SOA is an architectural model that aims to enhance the efficiency, agility, and productivity of an enterprise by positioning services as the primary means through which solution logic is represented in support of the realization of strategic goals associated with service-oriented computing.
Service-orientation is a design paradigm comprised of design principles that shape solution logic into services with distinct design characteristics that support the realization of strategic goals associated with service-oriented computing.
The service contract specifies the purpose, functionality, constraints, and usage of a service. The contract is defined by the business in business terms.
A Service interface provides a means for the users of a service to access its functionality according to the contract it offers. A given service may offer multiple interfaces to allow consumption of the service through different means.
The implementation part of a service is the actual code. The implementation may be accomplished using any technology. Implementations, especially early ones, often represent functionality that already exists in an enterprise.
SOA Service Lifecycle Design, Development and Deploy Business Operations Service Architect Business Analyst Service Development Business Activity Monitoring Business Process Modeling Core Metadata Service Develop and Deploy Management Monitoring Service Modeling
BPM is a management practice that provides for governance of a business process environment toward the goal of improving agility and operational performance.
BPM is a structured approach employing methods, policies, metrics , management practices and software tools to manage and continuously optimize an organization's activities and processes.
What Is Business Process Management? Architecture Graphic source: Casewise/Gartner presentation, 2005 People Technology Process
SOA is Business Driven Product inquiry SOA – A Service Invocation Framework Product inquiry Business World Processes IT World Services Reserve inventory Reserve inventory Schedule shipment Schedule shipment Create Customer Order Create customer order Schedule production Schedule production Create Supplier order Create supplier order
Business, Technology Model for SOA Potential Reuse
Service Modeling Services That Map To Real Business Processes, Not As Silo-ed Apps
Think strategically, execute tactically: start with a single core process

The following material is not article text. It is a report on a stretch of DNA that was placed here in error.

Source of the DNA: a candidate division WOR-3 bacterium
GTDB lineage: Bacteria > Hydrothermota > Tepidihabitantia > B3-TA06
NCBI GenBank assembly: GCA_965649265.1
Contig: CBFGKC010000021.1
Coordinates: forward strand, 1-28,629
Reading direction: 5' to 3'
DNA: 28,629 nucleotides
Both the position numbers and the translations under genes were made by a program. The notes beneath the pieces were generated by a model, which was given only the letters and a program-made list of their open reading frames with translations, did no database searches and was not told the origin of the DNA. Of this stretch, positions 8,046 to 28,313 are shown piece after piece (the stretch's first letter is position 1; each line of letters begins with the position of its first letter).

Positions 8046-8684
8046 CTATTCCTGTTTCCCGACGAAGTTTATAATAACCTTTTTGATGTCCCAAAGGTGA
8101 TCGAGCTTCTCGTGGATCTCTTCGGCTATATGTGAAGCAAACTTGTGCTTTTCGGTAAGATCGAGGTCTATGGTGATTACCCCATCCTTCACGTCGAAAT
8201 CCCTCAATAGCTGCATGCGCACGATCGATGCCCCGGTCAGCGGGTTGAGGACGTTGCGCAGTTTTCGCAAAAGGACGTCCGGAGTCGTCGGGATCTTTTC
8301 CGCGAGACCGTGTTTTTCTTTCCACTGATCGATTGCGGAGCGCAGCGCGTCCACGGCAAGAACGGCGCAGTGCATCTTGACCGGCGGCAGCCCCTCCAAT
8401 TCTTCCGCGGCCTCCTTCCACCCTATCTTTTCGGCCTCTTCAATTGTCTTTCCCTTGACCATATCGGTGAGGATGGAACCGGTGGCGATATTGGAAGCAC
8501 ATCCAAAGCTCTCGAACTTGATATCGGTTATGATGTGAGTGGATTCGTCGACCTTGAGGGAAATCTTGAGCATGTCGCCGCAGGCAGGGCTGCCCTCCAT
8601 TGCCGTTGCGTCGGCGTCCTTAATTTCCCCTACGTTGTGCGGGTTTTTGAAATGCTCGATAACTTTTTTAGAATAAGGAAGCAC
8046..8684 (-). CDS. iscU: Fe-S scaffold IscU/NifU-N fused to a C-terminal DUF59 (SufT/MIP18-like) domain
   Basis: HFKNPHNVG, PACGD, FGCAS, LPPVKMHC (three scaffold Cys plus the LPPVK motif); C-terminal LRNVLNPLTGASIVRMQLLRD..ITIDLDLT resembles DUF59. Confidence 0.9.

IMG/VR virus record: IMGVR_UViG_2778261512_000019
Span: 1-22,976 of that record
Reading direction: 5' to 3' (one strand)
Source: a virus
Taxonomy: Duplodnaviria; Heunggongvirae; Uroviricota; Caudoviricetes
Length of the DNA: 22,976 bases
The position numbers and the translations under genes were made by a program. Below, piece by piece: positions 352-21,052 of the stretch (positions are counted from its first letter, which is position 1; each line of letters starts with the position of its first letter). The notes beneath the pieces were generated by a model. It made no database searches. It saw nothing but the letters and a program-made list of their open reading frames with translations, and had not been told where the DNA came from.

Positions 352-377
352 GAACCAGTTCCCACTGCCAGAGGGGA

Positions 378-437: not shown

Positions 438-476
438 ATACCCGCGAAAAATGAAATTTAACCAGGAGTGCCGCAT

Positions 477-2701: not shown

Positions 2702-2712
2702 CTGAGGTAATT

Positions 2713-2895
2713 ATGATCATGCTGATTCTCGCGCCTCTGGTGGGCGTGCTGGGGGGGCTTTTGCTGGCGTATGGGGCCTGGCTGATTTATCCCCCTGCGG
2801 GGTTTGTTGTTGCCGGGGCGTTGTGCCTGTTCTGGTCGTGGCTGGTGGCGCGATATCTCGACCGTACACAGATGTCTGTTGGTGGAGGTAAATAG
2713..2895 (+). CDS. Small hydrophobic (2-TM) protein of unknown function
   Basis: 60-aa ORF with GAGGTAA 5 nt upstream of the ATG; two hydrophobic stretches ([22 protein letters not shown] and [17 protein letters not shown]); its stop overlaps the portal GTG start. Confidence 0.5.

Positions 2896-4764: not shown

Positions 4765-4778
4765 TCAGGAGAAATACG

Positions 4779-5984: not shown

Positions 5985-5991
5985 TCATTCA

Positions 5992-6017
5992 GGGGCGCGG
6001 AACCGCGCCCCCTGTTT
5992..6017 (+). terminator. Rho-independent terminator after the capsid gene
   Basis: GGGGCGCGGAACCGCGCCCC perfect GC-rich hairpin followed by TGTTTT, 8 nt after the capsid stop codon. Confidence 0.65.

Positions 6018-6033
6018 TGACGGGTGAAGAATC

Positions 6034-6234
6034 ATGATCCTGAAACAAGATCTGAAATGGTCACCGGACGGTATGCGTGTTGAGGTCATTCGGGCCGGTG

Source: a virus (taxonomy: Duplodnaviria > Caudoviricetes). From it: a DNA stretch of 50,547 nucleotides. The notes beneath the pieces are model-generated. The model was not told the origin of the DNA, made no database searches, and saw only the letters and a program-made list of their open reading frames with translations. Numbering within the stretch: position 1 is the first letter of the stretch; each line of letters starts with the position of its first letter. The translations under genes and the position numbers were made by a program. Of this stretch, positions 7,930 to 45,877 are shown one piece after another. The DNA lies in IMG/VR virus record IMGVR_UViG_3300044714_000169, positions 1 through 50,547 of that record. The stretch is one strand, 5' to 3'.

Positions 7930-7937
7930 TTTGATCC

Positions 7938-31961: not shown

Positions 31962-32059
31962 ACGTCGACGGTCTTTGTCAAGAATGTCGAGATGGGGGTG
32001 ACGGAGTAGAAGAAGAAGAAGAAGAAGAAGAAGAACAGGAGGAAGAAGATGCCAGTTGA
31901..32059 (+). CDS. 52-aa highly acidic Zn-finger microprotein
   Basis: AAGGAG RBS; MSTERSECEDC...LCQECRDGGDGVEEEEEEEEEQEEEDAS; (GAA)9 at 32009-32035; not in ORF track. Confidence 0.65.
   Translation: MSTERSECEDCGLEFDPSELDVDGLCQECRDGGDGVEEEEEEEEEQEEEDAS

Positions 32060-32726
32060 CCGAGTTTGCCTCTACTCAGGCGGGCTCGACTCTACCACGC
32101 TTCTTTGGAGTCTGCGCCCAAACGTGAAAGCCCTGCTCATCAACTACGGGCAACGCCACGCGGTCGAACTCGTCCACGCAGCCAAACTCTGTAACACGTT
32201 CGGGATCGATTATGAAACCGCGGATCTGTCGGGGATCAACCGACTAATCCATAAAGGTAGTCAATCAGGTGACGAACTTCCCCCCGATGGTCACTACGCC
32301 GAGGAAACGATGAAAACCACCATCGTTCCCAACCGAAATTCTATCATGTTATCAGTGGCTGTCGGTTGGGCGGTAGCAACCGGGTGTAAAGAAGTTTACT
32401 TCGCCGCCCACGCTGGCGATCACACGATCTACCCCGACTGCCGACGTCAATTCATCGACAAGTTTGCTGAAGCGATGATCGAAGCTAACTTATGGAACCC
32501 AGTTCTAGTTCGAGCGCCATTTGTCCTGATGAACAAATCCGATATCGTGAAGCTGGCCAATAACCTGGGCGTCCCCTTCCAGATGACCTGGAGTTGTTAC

Top down: identify the services required to support this single core process
Bottom up: identify functions in existing systems that could be exposed as services to support this process
Infrastructure services: identify common supporting functionality requirements
Orchestrate services into processes Measure alignment with strategy Identify opportunities for optimization Analyze processes Identify supporting functionality required Harvest functionality from existing IT assets Develop new functionality Develop contracts and package as services 3 1 2 Services are mapped to business processes, and enable business process improvement over time Business Strategy & Process
Service Modeling Shared Services Business Process Services ? ? ? ? ? ? ? ? ? ? Service Modeling What services should be created? What is the process for identifying these services? What are the characteristics that identify these services? Applications Partners & Suppliers People Data Sources Infrastructure Services Service Enablement System Access Human Access Data Access Shared Service Access Presentation Services Applications Partners & Suppliers People Data Sources Composite Applications Integration Services Orchestration Data
As Long as the Request Is Processed at Least Once, the Correct Stuff Occurs
In Today’s Internet, You Must Design Your Requests to Be Idempotent
Not Idempotent Baking a Cake Starting from Ingredients Naturally Idempotent Sweeping the Floor Naturally Idempotent Read Record “X” Idempotent If Haven’t Yet Done Withdrawal #XYZ for $1 Billion, Then Withdraw $1 Billion and Label as #XYZ Not Idempotent Withdrawing $1 Billion Idempotent Baking a Cake Starting from the Shopping List (If Money Doesn’t Matter)
What message format will the service use? Typical answers here include SOAP, Proprietary XML, and various RPC mechanisms.
What protocol will the caller use to communicate with the service? Typical answers here include HTTP and various RPC protocols.
What level of availability should the caller expect for the service? Will the service be available 24x7? Whats the service level agreement that the hosting team is willing to sign up for?
What is the expected interaction on the part of the caller when the service is not available? Should he call again later? Try again right away? Discard the call? Return an error to the calling system?
If the service call is part of an expected sequence of service calls, define the sequence. This may include call-back mechanisms. Note that call-back mechanisms require the reflected service to be as well defined as the initial service, using all of the rules described here.
What latency should the caller expect for the synchronous return from the service call? (In messaging systems, this is the time that the caller should expect to wait for the acknowledgement or receipt.)